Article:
Global Health Policy Blog

CGD experts offer ideas and analysis on global health issues and how better policies can improve well-being for everyone. Also check out our Views from the Center blog and US Development Policy blog.

 

The World’s Most Profitable Slow-Motion Disaster: Tobacco

In April, I attended a very hopeful event sponsored by the World Bank entitled, “Tobacco Taxation Win-Win for Public Health and Domestic Resources Mobilization.” My optimism was buoyed by seeing people from different ministries, disciplines, and perspectives all recognizing the need to raise tobacco taxes and sharing ideas on how to reduce the death toll from smoking. Then the bubble burst. I got home and saw a Wall Street Journal article about the increasing profitability of cigarette corporations in the US domestic market—a reminder that, unbelievably, we are still on the defensive against this large, growing, and completely avoidable disaster.

Comments Needed: A Better Deal to Protect Americans’ Health under the Trump Administration

We would argue that investing in global health, at least along certain dimensions, is entirely consistent with President Trump’s philosophy of America First—a real opportunity for his administration to improve the security of the American people by pushing through some much-needed reform. In that spirit, we’ve put together a proposal for a new executive initiative under the Trump Administration. We call it PAHAA: Protecting America’s Health at Home and Abroad.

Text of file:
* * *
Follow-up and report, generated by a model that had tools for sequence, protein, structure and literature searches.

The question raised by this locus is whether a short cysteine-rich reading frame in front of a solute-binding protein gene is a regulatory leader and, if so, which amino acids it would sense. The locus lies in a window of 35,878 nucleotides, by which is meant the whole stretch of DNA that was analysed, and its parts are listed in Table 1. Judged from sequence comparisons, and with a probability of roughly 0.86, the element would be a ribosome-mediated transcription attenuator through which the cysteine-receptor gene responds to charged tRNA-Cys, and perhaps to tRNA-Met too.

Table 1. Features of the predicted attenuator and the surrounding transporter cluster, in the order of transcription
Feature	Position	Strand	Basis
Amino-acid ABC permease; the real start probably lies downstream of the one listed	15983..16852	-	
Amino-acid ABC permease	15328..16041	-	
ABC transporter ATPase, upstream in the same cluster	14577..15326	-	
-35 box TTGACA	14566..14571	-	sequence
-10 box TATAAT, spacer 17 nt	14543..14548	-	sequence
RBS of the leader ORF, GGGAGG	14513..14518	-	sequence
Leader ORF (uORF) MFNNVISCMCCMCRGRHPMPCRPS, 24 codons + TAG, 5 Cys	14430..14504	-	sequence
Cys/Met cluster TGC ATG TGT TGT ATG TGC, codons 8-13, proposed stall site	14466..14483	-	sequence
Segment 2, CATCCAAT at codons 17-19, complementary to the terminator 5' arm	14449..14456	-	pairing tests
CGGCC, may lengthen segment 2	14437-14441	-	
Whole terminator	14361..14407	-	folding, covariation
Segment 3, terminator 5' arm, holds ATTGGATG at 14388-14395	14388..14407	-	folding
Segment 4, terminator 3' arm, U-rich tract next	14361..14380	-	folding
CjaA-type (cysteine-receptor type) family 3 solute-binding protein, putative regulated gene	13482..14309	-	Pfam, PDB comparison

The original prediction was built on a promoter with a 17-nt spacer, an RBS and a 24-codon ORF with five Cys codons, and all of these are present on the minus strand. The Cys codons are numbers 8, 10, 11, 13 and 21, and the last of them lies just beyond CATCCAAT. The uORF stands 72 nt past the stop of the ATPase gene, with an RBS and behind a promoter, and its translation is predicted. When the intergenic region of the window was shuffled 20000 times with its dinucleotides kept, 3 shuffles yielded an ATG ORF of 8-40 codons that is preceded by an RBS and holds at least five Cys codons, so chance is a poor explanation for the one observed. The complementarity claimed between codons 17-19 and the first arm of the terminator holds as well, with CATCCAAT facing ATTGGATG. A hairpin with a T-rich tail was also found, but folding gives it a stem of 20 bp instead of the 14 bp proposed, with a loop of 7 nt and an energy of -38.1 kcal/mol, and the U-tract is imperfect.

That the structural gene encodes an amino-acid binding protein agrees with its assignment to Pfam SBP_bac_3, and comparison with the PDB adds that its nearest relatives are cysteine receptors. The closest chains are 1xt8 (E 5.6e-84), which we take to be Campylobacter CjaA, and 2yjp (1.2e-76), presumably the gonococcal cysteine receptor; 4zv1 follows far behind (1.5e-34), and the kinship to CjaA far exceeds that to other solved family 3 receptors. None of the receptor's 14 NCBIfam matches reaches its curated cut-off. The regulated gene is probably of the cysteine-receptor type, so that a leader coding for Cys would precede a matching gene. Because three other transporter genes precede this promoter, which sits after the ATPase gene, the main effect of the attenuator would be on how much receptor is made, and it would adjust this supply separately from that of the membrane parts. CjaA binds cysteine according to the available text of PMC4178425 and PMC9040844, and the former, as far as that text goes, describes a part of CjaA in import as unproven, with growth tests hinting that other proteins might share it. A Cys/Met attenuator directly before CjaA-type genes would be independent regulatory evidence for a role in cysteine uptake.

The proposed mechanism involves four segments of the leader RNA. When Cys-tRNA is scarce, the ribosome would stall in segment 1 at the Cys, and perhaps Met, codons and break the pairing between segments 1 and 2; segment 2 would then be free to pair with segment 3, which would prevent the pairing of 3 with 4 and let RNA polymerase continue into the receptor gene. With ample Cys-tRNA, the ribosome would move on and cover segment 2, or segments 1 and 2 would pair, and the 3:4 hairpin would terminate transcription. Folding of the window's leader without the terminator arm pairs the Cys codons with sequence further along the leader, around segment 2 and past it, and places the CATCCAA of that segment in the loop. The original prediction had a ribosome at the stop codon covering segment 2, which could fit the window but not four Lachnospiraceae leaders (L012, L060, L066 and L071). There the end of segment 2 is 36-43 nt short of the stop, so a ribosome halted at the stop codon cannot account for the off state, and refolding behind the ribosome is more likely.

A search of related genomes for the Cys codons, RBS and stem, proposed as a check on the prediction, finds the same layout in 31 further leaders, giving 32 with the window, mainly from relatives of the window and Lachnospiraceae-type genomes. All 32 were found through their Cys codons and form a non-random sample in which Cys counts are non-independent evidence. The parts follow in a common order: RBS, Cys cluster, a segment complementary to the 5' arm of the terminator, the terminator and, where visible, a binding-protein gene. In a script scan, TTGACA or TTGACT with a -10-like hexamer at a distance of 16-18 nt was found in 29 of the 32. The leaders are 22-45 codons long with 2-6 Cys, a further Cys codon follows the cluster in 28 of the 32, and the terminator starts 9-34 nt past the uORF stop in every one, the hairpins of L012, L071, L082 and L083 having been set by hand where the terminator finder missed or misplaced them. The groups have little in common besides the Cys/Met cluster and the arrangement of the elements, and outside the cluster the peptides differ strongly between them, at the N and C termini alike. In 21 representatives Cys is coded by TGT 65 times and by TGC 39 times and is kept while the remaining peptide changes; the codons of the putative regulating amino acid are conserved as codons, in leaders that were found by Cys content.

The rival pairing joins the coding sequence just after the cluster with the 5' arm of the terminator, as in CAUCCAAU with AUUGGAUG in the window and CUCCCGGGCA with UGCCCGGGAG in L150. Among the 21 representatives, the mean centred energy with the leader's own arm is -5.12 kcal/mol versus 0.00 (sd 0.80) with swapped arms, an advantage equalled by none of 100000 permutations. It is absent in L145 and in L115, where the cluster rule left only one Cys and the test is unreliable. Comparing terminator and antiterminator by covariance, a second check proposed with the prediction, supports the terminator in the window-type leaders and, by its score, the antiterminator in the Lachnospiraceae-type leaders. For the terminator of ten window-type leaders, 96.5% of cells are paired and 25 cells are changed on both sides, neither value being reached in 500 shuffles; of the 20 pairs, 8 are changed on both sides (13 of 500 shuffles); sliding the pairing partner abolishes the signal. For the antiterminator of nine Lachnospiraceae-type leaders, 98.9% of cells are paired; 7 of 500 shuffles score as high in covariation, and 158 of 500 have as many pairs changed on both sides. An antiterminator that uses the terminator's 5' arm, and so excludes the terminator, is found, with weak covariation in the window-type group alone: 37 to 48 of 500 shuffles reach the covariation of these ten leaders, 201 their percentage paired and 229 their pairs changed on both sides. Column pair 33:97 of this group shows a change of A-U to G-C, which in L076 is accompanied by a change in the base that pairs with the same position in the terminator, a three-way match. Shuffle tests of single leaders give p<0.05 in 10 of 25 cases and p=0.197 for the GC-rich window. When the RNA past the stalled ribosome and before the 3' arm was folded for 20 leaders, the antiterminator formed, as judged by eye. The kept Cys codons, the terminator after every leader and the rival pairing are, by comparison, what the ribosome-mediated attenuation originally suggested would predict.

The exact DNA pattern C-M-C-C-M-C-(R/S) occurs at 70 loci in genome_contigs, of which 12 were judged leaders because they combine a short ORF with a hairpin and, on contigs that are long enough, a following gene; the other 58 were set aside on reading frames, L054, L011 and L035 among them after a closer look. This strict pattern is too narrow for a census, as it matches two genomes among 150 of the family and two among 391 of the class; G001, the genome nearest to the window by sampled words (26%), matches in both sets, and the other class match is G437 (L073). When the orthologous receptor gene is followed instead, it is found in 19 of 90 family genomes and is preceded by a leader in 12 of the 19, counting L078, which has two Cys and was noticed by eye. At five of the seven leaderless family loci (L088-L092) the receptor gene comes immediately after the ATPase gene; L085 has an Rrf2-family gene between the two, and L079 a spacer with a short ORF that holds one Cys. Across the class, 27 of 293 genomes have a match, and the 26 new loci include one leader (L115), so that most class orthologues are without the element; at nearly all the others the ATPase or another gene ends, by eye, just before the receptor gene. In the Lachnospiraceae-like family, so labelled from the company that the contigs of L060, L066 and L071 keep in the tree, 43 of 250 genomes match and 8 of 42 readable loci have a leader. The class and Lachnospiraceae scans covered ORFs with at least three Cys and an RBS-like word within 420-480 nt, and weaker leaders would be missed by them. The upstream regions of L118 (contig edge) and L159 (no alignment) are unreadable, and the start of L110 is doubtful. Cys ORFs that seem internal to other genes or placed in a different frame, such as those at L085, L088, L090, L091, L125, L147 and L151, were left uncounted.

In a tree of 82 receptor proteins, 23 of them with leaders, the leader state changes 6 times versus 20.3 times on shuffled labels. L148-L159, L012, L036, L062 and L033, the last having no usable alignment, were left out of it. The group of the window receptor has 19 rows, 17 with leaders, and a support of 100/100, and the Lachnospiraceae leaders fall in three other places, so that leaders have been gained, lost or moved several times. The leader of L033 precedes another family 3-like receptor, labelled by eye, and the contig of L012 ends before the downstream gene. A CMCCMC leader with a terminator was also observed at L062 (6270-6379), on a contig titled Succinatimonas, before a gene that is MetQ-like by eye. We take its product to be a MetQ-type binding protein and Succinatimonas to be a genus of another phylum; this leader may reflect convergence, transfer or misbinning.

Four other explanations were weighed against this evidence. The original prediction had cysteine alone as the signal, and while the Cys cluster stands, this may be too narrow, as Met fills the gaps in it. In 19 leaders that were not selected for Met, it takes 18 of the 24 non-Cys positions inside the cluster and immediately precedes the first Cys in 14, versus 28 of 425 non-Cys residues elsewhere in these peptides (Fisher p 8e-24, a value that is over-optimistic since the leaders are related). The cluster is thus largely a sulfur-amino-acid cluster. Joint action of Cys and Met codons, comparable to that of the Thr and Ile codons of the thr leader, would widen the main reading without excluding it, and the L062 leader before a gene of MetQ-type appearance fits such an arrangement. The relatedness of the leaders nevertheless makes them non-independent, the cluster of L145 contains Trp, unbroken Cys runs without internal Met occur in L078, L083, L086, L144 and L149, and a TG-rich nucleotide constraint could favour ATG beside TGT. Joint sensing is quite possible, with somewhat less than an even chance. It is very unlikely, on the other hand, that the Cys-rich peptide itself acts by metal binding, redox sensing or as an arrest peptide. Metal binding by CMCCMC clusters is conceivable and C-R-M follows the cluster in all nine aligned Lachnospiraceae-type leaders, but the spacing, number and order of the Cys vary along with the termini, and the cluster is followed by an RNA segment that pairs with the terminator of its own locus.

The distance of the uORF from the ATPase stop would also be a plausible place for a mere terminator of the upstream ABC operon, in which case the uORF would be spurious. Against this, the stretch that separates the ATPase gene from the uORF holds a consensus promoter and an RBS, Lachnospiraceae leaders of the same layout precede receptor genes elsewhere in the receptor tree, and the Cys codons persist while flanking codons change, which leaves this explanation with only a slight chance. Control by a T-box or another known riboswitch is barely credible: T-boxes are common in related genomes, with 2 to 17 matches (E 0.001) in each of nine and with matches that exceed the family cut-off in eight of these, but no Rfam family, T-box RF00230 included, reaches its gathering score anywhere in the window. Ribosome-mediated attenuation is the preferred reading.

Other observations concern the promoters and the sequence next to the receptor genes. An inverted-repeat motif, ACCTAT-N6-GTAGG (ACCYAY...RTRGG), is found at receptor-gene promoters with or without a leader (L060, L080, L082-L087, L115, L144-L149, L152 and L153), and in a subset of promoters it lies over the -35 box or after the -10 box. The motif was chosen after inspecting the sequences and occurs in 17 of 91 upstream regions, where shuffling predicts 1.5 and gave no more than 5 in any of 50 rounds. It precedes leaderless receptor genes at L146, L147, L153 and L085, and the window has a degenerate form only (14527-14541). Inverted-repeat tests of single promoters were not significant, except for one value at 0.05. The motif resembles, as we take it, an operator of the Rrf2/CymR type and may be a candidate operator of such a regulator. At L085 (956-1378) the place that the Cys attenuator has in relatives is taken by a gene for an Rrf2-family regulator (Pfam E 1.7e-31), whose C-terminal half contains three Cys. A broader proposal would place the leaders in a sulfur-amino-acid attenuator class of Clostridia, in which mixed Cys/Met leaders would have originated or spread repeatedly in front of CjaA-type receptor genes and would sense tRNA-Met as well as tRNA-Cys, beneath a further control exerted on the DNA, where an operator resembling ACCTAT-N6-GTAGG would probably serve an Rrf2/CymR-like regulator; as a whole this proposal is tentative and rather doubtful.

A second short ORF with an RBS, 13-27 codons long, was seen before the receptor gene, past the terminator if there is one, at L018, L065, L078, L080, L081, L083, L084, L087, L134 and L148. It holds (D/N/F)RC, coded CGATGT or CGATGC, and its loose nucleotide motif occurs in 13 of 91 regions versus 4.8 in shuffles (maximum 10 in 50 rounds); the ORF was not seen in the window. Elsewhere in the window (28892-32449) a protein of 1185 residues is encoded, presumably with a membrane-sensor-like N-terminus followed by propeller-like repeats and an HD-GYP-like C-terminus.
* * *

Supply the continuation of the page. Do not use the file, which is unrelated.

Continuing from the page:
Health Technology Assessment: Global Advocacy and Local Realities

Cost-effectiveness analysis (CEA) can help countries attain and sustain universal health coverage (UHC), as long as it is context-specific and considered within deliberative processes at the country level. Institutionalising robust deliberative processes requires significant time and resources, however, and countries often begin by demanding evidence (including local CEA evidence as well as evidence about local values), whilst striving to strengthen the governance structures and technical capacities with which to generate, consider and act on such evidence. In low- and middle-income countries (LMICs), such capacities could be developed initially around a small technical unit in the health ministry or health insurer. The role of networks, development partners, and global norm setting organisations is crucial in supporting the necessary capacities.

Technology Won’t “Save” Healthcare

Health technologies can reduce healthcare spending. On average, they don’t. Prominent examples—like the way polio vaccines eliminated the need for iron lungs—seem to drive a common faith in healthcare technology as a tool to “cure” costly health systems. But it actually works the other way around—health systems (policies, institutions, and markets) and human responses to them determine whether these tools will (or won’t) increase spending.

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